In some situations, you need to know more than whether the character has succeeded at something — you need how well she succeeded. When that's the case, check the result against the Success Level Chart. The greater the number of Success Levels, the better the character did. Some difficult tasks require more than one Success Level.
Example: When a character attacks someone, how well they struck influences how much they hurt the target. Add the Success Levels of the attack roll to the base damage of the attack. On the flip side, for uses of the Doctor Skill, each Success Level heals one point of damage.
For Supporting Cast Members that have Ability Scores, the damage listed in their Combat Maneuvers already includes the bonus for Success Levels.
Roll Total Success Levels Description 9-10 1 Adequate 11-12 2 Decent 13-14 3 Good 15-16 4 Very good 17-20 5 Excellent 21-23 6 Extraordinary 24-26 7 Mind-boggling 27-29 8 Outrageous 30-32 9 Superheroic 33-35 10 God-like Every extra 3 points thereafter +1 extra point Wow!
When the big hairy scary happens, the characters have to make a Willpower (doubled) roll (Qualities like Nerves of Steel or Fast Reaction Time help). This is known as the Fear Test. Modifiers may be called for. That's up to the Director.
If the result of the roll is nine or higher, the character may be afraid or apprehensive, but she can act normally. If the result is eight or less, she wigs out. Use the Panic Table for inspiration.
|7-8||Startled||The character is startled but not paralyzed, and can act normally. Initiative is lost, however; the critter wins Initiative automatically on that Turn.|
|5-6||Freak Out||The character screams and/or flinches away. Only defense actions can be attempted on that Turn, and the character cannot go on Full Defense.|
|3-4||Run Away!||The character takes off running like a spider-eating spine-missing Zeppo for a full Turn, unless cornered, in which case cowering in terror is on the agenda. No attacks are possible, and defense actions are at -2. After each Turn (or handful of seconds), a new Fear Test can be rolled (reduce any penalties by one with each successive Turn, until the character snaps out of it).|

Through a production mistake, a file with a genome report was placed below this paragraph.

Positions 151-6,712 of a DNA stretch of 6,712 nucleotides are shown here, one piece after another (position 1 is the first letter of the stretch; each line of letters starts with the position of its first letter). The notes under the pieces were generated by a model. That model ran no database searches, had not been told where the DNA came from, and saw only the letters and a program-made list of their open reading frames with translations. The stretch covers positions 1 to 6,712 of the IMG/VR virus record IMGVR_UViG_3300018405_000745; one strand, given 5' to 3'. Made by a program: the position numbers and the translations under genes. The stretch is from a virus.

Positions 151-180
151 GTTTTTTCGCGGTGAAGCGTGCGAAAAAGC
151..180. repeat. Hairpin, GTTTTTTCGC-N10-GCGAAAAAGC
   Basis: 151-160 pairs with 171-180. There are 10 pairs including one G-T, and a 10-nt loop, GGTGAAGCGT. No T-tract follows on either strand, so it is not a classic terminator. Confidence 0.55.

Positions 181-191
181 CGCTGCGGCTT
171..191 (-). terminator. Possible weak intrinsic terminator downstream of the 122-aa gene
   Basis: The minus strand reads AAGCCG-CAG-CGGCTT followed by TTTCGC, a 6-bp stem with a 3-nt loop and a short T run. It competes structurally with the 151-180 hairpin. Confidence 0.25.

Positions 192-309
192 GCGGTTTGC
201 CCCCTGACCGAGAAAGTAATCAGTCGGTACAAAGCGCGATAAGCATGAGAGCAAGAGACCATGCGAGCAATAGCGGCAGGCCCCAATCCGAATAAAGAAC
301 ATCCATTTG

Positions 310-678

|2 or less||Total Terror||The character is not in control of her actions. She may lose her lunch, pass out or suffer some other oh-so-embarrassing fate.|
To make things go a bit easier when the rough stuff starts, the action is divided into segments, known as Turns. A game Turn represents a short bit of time — five seconds or so — during which characters can attack and defend. During a Turn, a normal character can attack once and defend from one attack without penalties. Experienced or fast characters can make more than one attack during a Turn.
At the beginning of each Turn, the players declare the intentions of their Cast Member. This is where they say, "I want to aim my crossbow," or "I cast a Spell." You decide if that action is possible in one Turn. Most simple actions are, but if a character wants to knock a large hole in a wall with her axe, she is going to need more than five seconds.
Then you determine who attacks first. The simpliest way is to have each character roll and add their Dexterity (and any Fast Reaction Time bonuses).
Once initiative is determined, the intended tasks are rolled. Usually, a character may only take one action per Turn, but those with Dexterity 5 or greater gain extra actions according to the Additional Actions Table.
|Additional Actions Table|
|Every extra 2 points thereafter||+1 extra action|
As it is difficult to do more than two things at once (or walk and chew gum for some of us), additional actions suffer cumulative penalties of -2. The player only rolls once — successive attacks or defenses each reduce the total by two. If the target defends against any of those attacks, the character can no longer continue attacking on that Turn.